|Review: Confessions Of A Heretic: The Sacred And The Profane: Behemoth And Beyond|
|Confessions Of A Heretic: The Sacred And The Profane: Behemoth And Beyond|
Publisher: Jawbone Press
Author: Adam Nergal Darski and Mark Eglinton
Year published: 2015
Review online: April 5, 2021
Reviewed by: Michel Renaud
for:Confessions Of A Heretic: The Sacred And The Profane: Behemoth And Beyond
Rated 4.5/5 (90%) (2 Votes)
I was a little apprehensive approaching this book since it is a biography written in interview form. That had the potential to suck. Good news: it doesn't. This was done over the course of several months in settings ranging from a sit-down to taking walks.
Behemoth is pretty well known in the metal world by now and especially mainman Nergal who has been around the block a few times and took a detour to beat the crap out of leukaemia. In Poland, it sounds like he can't go anywhere without being recognized for a variety of reasons that include being on The Voice of Poland and also dating a pop star for a while.
It took a few pages before I got comfortable with the interview format of the book, but this quickly turned into a page-turner. Tons of subjects are covered: His youth, his musical career, the band, his love interests, his participation as a judge on The Voice of Poland, the hurdles of dating a pop star, his fight with leukaemia, and his thoughts on random subject that came up while discussion the main topics. The book really feels like a very long conversation even though it was done over the course of several months. The interviewer doesn't hold back, sometimes asking some daring questions. I don't know if he was trying to provoke Nergal, but there were a few times where I thought, "Why doesn't he punch him in the fucking face?"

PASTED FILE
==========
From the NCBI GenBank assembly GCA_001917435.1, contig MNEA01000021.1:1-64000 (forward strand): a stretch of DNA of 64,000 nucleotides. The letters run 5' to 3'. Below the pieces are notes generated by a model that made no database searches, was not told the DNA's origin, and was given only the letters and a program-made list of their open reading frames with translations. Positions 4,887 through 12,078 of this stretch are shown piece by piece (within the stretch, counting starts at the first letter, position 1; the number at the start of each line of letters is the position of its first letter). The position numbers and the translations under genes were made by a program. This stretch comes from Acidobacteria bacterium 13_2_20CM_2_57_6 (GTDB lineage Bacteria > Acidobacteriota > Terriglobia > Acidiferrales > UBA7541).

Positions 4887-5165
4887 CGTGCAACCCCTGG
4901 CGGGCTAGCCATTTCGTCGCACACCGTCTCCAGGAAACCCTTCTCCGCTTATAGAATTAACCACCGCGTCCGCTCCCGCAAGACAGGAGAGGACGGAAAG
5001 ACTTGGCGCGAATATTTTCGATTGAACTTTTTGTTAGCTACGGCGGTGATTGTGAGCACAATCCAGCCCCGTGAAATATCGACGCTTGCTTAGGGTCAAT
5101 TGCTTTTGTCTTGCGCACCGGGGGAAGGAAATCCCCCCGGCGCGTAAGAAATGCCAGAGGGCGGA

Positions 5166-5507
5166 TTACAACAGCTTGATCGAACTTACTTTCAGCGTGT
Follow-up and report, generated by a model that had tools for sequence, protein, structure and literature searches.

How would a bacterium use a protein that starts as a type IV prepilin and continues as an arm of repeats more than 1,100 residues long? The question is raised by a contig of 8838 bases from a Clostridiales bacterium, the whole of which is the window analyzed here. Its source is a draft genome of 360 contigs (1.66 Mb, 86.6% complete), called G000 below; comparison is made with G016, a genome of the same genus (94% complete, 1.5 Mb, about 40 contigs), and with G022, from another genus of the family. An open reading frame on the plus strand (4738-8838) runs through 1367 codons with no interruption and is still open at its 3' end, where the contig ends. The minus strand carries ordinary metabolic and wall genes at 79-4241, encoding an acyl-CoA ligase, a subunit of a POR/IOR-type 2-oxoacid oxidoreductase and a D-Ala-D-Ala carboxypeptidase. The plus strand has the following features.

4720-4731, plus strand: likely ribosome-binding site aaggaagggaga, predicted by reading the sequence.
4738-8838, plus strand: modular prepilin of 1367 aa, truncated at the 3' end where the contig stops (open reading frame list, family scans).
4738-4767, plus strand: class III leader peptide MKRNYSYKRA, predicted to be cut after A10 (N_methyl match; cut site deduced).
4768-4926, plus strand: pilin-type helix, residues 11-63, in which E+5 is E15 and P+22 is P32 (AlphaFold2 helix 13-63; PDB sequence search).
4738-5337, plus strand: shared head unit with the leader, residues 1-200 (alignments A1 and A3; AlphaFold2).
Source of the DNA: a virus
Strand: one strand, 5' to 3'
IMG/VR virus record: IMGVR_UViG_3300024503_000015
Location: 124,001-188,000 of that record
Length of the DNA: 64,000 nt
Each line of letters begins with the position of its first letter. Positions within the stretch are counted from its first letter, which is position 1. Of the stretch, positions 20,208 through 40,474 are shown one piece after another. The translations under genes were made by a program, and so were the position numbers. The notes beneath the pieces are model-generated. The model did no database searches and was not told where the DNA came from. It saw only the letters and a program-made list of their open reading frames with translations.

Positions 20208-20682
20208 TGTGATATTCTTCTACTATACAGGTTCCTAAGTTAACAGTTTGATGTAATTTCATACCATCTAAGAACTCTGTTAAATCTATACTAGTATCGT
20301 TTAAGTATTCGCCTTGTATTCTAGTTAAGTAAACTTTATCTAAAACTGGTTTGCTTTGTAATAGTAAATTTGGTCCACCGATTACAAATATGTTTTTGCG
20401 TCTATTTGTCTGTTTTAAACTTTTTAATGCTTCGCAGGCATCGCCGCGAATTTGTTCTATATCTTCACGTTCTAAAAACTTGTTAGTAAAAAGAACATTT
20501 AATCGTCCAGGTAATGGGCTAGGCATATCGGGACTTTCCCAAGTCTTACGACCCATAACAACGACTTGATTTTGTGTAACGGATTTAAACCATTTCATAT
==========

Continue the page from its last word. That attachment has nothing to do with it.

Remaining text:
Confession of a Heretic is really about Nergal and not so much Behemoth, though you'll find tons of interesting facts about the band in here. The takeaway is that Nergal comes off as a very intelligent and educated guy who takes life as it is and doesn't waste time looking back with "what ifs". I found a lot of his views and comments to be quite inspiring throughout the book though, unsurprisingly, a few times I asked myself what the hell he was going on about. ;) The book ends a little abruptly, but given the format I guess there was no other way to end it. I think this is a book worth reading even if you're not at all into a Behemoth as it is about so much more than some guy in an extreme metal band. Highly recommended.
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